Indeed, much of what Trump says he believes about Russia appears unrealistic, to put it mildly. For starters, he has made the mystifying choice to ridicule the U.S. intelligence community’s finding that it was Russia that was behind the hacking of e-mails from the Democratic National Committee and the Clinton campaign. If Trump’s and his advisers’ statements are to be believed, even a brazen attempt originating at the highest levels of the Russian government to undermine Americans’ confidence in their country’s democratic process is less important than the poor cyber-security practices of the Democratic National Committee and Clinton’s inner circle. 

Trump appears to hold an equally unrealistic view of the Ukrainian crisis, saying of Putin during the campaign, “He’s not going to go into Ukraine, all right?”—even as thousands of Russian troops were already there. When asked by The New York Times on the eve of the election about Putin’s behavior in Ukraine and Syria and the ongoing crackdown against Putin’s political opponents, Michael Flynn, Trump’s pick for national security adviser, called these issues “besides the point.” He added, “We can’t do what we want to do unless we work with Russia, period.” 

But as Trump will likely discover, reality has a way of interfering with attempts to transform relations with Moscow. Every U.S. president from Bill Clinton on has entered office attempting to do precisely that, and each has seen his effort fail. Clinton’s endeavor to ease tensions fell apart over NATO expansion, the Balkan wars, and Russian intervention in Chechnya; George W. Bush’s collapsed after the 2008 Russian-Georgian war; and Obama’s ran aground in Ukraine. Each administration encountered the same obstacles: Russia’s transactional approach to foreign policy, its claim to a sphere of influence, its deep insecurities about a yawning power gap between it and the United States, and its opposition to what it saw as Western encroachment. Finding common ground on these issues will be difficult. 

It appears that at the core of Trump’s vision for improved relations is a coalition with Russia against the Islamic State—to, in his words, “knock the hell out of ISIS.” Yet such cooperation is unlikely to materialize. The Russians have shown no interest in beating back ISIS in Syria, choosing instead to attack the main opposition forces arrayed against the Assad regime. Russia’s and Iran’s support for Assad may have fundamentally changed the course of the civil war in Syria, but their crude methods and disregard for civilian casualties have probably only emboldened the radical jihadists. Help from the Russian military would be a mixed blessing, at best, for the U.S.-led coalition against ISIS, given the pervasive lack of trust on both sides and the very real risk that sensitive intelligence and targeting information would find its way into the hands of Moscow’s allies in Damascus and Tehran. 

Trump has also expressed interest in developing stronger economic ties with Russia as a foundation for improved diplomatic relations, at least according to the Kremlin’s summary of Putin’s congratulatory call to Trump after the election. Here, too, he is likely to be disappointed. Clinton, Bush, and Obama all placed high hopes on trade as an engine of better relations with Russia. All were frustrated by the fact that the two countries are, for the most part, not natural trading partners, to say nothing of the effects of Russia’s crony capitalism, weak rule of law, and predatory investment climate.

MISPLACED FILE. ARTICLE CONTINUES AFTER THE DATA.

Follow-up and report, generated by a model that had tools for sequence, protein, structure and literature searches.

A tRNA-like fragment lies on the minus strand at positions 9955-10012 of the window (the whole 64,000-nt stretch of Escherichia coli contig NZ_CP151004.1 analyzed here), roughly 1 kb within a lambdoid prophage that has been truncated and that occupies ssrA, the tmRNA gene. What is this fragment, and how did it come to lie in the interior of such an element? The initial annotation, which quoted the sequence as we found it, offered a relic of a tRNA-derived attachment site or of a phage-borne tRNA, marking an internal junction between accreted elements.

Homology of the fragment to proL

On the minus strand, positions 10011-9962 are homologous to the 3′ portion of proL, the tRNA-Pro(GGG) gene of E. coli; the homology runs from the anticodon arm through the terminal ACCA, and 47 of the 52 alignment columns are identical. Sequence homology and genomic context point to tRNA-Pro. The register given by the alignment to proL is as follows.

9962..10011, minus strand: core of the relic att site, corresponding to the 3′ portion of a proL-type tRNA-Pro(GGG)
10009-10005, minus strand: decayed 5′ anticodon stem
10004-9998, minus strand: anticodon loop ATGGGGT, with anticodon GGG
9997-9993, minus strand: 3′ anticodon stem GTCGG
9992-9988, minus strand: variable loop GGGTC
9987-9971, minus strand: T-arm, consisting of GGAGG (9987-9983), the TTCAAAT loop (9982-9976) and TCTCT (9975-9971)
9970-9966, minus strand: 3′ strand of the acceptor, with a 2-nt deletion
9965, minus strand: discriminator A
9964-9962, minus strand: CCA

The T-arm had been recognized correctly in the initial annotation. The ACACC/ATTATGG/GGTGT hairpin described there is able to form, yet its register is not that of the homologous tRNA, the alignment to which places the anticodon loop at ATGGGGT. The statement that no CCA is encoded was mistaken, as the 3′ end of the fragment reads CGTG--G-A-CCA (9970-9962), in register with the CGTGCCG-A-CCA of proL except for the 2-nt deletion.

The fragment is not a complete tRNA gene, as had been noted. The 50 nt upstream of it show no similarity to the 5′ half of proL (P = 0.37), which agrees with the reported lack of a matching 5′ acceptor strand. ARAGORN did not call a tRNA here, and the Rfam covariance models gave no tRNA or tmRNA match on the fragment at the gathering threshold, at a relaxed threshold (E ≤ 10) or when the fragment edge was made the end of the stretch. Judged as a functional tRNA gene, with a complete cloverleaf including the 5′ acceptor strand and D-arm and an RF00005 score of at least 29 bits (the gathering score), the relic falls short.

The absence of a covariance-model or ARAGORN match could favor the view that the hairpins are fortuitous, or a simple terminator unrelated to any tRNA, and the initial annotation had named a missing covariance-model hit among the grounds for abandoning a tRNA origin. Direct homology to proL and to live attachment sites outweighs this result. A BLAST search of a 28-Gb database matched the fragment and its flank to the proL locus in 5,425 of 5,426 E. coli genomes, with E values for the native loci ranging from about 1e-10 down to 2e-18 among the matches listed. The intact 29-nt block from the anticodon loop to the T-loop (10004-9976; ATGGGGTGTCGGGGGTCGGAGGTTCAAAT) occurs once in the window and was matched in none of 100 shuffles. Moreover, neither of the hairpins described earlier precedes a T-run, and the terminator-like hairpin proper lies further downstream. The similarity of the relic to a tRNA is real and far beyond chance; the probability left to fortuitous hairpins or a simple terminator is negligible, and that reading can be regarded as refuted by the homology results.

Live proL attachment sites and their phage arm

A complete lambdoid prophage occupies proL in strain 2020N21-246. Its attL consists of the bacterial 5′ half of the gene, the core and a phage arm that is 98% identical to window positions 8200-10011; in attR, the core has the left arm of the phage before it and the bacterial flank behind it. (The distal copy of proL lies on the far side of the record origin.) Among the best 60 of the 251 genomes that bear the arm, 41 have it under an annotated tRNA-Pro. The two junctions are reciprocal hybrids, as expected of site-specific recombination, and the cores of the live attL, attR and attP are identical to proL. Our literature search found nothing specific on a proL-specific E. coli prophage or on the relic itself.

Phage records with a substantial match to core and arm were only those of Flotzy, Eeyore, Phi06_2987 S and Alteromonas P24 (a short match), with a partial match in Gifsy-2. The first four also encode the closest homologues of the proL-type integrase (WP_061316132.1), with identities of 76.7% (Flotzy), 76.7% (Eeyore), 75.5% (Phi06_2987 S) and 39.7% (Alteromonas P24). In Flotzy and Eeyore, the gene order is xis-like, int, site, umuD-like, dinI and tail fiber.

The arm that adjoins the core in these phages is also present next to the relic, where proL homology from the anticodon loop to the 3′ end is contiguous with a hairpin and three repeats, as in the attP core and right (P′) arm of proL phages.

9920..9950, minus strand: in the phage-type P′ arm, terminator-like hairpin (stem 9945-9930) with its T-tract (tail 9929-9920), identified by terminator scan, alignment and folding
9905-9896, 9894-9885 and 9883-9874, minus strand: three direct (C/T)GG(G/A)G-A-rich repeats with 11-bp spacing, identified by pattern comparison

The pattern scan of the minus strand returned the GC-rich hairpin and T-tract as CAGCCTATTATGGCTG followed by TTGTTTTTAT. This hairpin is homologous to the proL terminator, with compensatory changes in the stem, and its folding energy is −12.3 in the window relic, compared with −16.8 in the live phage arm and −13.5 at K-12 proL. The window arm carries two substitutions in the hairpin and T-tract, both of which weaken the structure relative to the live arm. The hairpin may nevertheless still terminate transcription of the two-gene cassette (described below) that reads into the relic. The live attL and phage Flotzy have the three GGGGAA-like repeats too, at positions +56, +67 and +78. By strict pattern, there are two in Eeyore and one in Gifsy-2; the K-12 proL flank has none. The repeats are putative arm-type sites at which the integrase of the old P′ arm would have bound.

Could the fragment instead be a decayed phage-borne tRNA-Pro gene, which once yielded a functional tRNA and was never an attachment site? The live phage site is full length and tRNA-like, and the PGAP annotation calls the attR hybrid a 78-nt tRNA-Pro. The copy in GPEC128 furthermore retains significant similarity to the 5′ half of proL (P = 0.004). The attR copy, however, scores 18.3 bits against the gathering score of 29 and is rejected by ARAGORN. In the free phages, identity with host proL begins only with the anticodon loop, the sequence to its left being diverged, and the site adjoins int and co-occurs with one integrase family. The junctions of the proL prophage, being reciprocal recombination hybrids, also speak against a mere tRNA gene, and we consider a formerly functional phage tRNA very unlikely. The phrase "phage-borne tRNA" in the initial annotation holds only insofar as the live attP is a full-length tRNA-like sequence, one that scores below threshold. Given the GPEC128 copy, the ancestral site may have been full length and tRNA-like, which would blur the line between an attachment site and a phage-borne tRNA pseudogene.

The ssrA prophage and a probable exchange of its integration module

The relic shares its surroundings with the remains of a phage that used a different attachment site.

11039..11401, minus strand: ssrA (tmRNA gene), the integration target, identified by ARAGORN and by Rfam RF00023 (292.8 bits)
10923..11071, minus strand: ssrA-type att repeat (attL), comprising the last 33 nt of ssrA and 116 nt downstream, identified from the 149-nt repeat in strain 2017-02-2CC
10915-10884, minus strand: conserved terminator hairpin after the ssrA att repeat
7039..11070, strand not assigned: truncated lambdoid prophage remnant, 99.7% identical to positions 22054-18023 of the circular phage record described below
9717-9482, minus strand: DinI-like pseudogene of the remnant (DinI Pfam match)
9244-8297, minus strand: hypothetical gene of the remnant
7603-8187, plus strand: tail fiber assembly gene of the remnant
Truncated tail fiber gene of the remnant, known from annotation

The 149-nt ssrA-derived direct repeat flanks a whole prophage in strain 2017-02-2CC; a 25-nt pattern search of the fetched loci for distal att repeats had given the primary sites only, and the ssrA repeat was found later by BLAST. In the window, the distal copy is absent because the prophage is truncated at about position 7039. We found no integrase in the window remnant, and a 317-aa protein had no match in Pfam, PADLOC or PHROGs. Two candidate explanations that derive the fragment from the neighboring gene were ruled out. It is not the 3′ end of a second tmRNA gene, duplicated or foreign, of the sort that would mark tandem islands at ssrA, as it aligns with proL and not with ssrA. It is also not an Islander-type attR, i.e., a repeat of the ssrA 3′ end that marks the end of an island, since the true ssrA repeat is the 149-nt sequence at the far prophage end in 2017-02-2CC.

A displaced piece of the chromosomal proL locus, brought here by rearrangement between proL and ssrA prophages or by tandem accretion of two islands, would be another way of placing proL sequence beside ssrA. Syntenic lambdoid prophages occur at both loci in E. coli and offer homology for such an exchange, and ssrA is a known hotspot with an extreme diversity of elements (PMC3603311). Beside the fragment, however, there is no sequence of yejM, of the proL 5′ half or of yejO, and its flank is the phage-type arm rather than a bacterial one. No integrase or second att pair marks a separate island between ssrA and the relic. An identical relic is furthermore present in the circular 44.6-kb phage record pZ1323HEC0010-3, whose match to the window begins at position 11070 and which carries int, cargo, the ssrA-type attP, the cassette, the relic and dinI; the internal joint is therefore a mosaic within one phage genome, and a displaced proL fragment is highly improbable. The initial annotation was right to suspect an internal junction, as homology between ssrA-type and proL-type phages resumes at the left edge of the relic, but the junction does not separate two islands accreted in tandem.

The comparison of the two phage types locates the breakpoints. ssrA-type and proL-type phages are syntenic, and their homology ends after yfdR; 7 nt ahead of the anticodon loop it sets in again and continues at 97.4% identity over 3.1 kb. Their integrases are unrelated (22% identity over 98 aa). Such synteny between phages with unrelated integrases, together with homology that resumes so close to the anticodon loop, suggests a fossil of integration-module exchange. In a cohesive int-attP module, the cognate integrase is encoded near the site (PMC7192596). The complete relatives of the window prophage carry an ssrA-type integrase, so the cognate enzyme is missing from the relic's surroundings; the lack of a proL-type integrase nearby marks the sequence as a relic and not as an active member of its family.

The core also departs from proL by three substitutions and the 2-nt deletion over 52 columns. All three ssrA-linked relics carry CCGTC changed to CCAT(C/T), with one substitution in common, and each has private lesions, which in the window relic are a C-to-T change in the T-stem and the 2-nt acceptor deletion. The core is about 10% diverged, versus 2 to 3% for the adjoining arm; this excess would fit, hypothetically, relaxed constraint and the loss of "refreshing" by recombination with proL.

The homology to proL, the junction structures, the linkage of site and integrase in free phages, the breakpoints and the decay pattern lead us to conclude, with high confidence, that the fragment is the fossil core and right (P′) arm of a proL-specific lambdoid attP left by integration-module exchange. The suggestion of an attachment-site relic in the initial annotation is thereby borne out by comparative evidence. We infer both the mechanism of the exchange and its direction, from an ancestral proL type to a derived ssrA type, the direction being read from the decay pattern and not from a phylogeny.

Trump inherited a ruptured U.S.-Russian relationship, the culmination of more than 25 years of alternating hopes and disappointments. As both a candidate and president-elect, he repeatedly called for a new approach. “Why not get along with Russia?” he has asked. The answer is that at the heart of the breakdown lie disagreements over issues that each country views as fundamental to its interests. They cannot be easily overcome with the passage of time or a summit meeting or two. Thus, the challenge for the new administration is to manage this relationship skillfully and to keep it from getting worse.

Should Trump instead attempt to cozy up to Moscow, the most likely outcome would be that Putin would pocket Washington’s unilateral concessions and pursue new adventures or make demands in other areas. The resulting damage to U.S. influence and credibility in Europe and beyond would prove considerable. Already, the rules-based international order that the United States has upheld since the end of World War II is in danger of unraveling, and there is mounting concern throughout Europe, Asia, and beyond that Trump does not consider it worth preserving. What’s more, there’s no telling how Trump will respond if and when he has his first showdown with Putin, although his behavior toward those who cross him suggests that things would not end well. 

Reduced tensions with Russia would no doubt help further many of the United States’ political and security priorities. But policymakers must keep in mind that the abiding goal should be to advance U.S. interests, support U.S. allies across the world, and uphold U.S. principles—not to improve relations with Russia for their own sake. Indeed, it’s possible to stand up for American interests and principles while pursuing a less volatile relationship with Russia. The Nixon administration sowed mines in a harbor in North Vietnam, a Soviet ally, while seeking détente with Moscow. The Reagan administration aggressively challenged Soviet-backed regimes and groups in Eastern Europe, Asia, Africa, and Latin America at the same time as it signed arms control agreements with Moscow.

Likewise, the Trump administration can, for example, counter Russian aggression in Ukraine while looking for ways to cooperate on efforts to keep weapons of mass destruction out of the wrong hands. Such an approach has a far greater chance of success than pure confrontation or pure concession. Russian leaders have long expressed their preference for realpolitik; they will respect a country that stays true to its principles, knows its interests, and understands power.

This article was originally published in Foreign Affairs.